Dissecting the regulation of nephron progenitor identity, self-renewal and commitment at a single cell level

  • Combes, Alex (Primary Chief Investigator (PCI))
  • Little, Melissa H (Chief Investigator (CI))
  • Oshlack, Alicia (Chief Investigator (CI))

Project: Research

Project Details

Project Description

Chronic kidney disease is characterised by gradual loss of renal function over time with end-stage patients requiring organ transplantation or life-long dialysis. This condition affects approximately 10% of our population and treatment costs the Australian health system in excess of $4 billion annually. An average human kidney contains 1,000,000 filtration units called nephrons that cooperate to clean the blood and regulate fluid homeostasis in the body. Low
nephron number is a major risk factor for chronic kidney disease and is associated with environmental and genetic factors that impair kidney development.

Despite this, we are yet to understand how nephron number is regulated. Nephrons arise from a nephron progenitor (NP) population. The balance of NP self-renewal and differentiation influences final nephron number and is critical for optimal kidney development. In this proposal, we will dissect the regulation of progenitor self-renewal versus commitment by characterising mouse knockout models affecting nephron progenitor regulation using single-cell RNA-seq across time. We will also investigate a novel mechanism that may contribute to progenitor ageing. Finally, we will perform a suite of in vivo lineage tracing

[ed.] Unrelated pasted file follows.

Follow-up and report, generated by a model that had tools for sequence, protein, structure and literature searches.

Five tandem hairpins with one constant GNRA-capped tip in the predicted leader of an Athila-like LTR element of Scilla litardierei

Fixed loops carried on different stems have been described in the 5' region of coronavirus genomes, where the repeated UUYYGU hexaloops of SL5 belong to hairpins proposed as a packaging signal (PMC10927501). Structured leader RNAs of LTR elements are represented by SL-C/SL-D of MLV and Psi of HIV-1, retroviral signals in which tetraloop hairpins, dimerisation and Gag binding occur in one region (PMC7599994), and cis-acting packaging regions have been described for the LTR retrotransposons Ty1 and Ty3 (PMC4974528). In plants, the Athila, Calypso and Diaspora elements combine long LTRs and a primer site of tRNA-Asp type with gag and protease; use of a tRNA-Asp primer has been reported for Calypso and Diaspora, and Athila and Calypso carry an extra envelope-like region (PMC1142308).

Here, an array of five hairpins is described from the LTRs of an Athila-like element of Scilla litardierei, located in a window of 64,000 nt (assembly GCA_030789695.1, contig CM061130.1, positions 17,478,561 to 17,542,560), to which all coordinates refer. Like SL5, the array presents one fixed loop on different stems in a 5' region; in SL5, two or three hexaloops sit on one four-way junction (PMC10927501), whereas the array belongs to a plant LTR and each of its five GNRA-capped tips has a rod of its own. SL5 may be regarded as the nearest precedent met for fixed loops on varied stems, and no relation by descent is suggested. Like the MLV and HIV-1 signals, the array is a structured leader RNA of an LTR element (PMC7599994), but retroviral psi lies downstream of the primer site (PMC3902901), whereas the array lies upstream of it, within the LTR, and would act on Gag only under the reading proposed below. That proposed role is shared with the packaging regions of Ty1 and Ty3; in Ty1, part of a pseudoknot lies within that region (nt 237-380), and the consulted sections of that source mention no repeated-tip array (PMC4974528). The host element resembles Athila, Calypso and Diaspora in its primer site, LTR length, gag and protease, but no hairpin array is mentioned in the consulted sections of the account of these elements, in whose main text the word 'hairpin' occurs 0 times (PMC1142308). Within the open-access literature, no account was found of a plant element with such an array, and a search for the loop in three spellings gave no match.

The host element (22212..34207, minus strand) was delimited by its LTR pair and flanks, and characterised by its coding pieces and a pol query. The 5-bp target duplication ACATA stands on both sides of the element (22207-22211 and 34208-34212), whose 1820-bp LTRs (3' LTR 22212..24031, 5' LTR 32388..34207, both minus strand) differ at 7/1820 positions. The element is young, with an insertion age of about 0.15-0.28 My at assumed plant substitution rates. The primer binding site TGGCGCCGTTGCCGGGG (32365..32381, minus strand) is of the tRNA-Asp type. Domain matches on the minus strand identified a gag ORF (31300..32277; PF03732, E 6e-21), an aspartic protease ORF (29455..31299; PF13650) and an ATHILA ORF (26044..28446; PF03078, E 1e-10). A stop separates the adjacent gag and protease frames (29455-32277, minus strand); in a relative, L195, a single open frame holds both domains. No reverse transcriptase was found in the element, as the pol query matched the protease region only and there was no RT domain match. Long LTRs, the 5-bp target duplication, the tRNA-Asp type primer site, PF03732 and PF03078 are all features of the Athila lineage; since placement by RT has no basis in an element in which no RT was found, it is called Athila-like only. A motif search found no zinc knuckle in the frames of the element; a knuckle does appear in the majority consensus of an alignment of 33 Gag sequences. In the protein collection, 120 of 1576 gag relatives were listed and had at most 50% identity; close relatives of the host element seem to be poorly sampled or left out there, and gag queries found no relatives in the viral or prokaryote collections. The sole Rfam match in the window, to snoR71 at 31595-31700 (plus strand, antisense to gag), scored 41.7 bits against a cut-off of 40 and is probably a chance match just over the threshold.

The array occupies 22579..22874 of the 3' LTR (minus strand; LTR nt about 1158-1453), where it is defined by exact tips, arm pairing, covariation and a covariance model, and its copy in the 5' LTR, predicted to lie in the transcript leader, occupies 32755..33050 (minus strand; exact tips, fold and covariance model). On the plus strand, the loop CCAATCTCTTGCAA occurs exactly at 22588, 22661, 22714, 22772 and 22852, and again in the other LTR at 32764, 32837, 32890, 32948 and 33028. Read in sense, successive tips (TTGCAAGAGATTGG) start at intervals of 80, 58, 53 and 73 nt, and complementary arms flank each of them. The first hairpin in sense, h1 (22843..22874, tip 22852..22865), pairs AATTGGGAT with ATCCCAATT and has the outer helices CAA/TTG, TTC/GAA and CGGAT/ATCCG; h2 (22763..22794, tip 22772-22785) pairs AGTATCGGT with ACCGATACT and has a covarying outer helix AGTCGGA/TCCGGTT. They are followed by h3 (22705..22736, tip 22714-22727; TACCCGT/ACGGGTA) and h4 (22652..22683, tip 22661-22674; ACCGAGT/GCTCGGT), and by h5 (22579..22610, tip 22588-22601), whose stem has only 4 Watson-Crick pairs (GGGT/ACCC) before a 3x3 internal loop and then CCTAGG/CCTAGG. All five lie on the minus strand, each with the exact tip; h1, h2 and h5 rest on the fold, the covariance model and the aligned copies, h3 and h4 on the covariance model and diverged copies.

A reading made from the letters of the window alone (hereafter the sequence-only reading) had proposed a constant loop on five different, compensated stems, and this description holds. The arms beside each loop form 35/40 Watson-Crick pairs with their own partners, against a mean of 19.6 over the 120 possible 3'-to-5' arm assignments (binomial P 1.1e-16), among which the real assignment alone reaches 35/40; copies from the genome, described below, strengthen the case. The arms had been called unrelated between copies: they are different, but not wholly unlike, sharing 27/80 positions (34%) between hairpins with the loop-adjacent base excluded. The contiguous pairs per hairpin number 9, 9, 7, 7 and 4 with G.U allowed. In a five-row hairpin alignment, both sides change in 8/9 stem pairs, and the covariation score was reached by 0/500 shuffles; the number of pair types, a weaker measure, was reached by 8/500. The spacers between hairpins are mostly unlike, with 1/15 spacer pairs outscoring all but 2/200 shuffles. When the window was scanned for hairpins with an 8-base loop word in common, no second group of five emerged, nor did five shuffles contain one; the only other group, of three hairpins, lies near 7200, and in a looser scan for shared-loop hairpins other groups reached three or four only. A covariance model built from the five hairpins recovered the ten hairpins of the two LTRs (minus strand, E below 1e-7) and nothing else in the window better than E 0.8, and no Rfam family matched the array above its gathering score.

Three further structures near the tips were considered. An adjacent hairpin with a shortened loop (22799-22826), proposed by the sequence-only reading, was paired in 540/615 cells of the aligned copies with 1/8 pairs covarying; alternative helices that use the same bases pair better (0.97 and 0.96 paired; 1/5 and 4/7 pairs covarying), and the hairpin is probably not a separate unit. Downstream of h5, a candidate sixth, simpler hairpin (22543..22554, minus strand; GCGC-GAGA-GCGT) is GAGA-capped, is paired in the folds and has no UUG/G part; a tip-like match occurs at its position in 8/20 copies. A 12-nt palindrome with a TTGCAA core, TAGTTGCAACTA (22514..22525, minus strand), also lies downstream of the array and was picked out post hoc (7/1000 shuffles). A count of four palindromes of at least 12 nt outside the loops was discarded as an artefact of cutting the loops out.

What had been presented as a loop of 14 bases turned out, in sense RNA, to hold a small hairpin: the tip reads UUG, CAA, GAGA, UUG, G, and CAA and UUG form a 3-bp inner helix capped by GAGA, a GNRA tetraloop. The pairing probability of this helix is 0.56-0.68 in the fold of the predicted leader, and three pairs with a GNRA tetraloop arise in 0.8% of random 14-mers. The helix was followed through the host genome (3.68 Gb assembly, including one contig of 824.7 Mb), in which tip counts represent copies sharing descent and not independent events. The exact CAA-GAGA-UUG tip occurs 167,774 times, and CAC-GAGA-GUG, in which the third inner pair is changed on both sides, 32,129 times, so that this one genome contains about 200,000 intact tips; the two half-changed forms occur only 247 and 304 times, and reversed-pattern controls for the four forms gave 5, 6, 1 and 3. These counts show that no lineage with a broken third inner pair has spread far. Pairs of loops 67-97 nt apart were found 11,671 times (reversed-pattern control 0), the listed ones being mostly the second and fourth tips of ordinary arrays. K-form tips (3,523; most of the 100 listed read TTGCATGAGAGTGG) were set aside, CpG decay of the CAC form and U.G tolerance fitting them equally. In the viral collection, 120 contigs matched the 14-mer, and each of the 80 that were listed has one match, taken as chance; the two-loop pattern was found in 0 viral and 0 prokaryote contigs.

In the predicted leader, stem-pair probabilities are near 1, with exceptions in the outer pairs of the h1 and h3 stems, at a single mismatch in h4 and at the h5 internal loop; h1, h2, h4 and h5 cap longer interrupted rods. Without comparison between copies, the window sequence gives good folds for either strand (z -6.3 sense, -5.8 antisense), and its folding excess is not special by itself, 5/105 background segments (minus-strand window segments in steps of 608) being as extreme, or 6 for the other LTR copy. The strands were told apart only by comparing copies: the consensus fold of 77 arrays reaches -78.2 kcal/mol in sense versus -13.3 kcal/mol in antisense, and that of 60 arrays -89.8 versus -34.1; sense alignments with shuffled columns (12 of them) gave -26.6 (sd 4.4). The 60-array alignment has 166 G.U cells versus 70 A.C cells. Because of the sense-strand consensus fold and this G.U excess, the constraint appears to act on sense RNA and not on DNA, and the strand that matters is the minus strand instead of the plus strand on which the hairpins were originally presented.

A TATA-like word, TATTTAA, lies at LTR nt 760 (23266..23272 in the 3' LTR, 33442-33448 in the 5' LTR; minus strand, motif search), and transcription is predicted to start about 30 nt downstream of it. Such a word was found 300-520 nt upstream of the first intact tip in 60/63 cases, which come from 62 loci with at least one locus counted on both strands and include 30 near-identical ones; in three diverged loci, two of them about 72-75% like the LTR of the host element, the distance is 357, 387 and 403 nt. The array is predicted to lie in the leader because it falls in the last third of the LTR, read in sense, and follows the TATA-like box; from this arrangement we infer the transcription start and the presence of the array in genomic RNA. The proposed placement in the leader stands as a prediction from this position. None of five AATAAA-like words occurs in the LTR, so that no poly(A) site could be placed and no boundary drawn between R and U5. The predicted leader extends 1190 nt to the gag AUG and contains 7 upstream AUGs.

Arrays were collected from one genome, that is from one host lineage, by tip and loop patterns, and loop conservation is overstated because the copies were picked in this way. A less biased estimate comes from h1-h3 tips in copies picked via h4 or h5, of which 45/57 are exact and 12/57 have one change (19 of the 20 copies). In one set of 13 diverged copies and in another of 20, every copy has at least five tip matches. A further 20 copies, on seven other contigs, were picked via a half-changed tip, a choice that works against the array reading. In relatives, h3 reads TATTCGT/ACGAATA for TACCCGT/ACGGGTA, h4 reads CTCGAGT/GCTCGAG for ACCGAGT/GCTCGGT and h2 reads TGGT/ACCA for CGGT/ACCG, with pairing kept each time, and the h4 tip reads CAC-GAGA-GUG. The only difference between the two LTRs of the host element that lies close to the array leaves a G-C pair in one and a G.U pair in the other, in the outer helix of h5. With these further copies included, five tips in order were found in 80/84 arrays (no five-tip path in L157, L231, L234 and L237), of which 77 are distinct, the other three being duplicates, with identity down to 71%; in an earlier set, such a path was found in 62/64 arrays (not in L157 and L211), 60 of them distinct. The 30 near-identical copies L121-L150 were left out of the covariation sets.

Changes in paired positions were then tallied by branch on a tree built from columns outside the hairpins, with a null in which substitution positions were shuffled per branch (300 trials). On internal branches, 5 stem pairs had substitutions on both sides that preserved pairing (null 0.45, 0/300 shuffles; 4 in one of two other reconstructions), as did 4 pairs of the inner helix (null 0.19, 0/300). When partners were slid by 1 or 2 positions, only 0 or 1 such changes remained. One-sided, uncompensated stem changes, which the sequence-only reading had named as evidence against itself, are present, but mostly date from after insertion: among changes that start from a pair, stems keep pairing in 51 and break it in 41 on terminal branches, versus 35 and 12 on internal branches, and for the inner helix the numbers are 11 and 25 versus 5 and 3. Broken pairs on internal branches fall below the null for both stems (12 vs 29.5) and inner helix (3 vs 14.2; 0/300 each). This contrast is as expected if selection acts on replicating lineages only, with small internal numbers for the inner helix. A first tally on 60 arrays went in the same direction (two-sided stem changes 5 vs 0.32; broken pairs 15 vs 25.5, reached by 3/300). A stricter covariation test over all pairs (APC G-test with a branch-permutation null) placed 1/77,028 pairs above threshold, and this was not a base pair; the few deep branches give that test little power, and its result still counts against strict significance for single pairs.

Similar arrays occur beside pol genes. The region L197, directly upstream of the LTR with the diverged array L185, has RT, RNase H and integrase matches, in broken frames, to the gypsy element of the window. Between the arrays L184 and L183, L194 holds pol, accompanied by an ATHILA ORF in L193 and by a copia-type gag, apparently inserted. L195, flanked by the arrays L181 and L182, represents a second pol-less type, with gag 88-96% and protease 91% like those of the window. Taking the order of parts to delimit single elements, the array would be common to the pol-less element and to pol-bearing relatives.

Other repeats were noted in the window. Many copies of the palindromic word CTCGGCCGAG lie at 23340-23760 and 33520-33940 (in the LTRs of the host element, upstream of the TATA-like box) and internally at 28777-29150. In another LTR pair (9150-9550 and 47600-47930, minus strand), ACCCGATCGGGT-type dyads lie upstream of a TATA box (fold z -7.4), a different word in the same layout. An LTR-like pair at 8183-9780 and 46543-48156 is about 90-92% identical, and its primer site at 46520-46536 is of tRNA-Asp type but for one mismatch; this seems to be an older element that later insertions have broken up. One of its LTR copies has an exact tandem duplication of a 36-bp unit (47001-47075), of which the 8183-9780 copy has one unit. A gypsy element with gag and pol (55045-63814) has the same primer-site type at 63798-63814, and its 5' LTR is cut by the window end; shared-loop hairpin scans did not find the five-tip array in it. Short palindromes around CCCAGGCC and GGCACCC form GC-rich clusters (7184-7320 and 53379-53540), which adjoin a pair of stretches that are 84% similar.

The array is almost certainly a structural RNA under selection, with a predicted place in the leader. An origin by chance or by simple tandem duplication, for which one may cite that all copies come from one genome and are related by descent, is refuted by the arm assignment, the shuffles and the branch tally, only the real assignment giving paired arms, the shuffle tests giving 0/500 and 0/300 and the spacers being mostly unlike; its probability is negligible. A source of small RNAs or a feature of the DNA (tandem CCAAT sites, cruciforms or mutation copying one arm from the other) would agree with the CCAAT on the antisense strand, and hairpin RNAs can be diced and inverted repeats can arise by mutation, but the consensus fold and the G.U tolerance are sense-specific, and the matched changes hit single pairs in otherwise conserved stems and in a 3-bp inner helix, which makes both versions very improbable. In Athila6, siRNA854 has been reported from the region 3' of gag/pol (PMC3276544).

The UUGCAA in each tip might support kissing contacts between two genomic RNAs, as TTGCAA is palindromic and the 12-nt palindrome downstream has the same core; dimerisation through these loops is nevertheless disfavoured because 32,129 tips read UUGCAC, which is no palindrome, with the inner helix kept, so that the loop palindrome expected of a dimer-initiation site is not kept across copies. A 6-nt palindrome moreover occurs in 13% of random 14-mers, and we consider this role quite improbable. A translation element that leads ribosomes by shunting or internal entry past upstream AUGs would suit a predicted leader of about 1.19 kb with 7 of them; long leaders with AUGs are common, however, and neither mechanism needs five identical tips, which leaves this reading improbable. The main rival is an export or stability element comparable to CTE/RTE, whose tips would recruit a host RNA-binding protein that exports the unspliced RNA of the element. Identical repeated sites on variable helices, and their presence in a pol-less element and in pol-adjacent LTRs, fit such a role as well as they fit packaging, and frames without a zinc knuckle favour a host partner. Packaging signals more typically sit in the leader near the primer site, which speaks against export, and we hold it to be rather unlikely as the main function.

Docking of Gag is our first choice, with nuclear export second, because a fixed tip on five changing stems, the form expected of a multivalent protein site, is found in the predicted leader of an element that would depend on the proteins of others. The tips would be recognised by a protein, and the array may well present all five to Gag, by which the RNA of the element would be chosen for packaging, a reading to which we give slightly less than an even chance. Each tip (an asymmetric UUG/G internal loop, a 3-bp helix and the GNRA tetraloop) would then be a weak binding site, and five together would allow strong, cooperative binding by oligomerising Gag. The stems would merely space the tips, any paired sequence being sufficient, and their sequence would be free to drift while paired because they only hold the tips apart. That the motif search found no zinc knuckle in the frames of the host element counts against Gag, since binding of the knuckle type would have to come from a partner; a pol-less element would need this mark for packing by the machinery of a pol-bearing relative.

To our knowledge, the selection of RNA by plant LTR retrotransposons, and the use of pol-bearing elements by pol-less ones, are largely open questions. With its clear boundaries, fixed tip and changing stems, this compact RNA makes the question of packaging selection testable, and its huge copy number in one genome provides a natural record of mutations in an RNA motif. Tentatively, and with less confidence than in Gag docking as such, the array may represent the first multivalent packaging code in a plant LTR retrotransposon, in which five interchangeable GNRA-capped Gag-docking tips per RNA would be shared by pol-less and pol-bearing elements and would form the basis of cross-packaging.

to interrogate the origin and fate of a novel NP-stromal cell population we identified by single cell RNA-Seq. The outcomes of this grant will inform our
understanding of nephron progenitor turnover and lifespan in vivo. Understanding which pathways regulate these processes will open up the prospect of enhancing nephron formation. It will also provide critical information for the ex vivo regulation of nephron progenitor expansion and differentiation for the purposes of regenerative medicine.
Effective start/end date18/11/1931/12/21


  • kidney development
  • gene expression
  • mouse models
  • imaging
  • regenerative medicine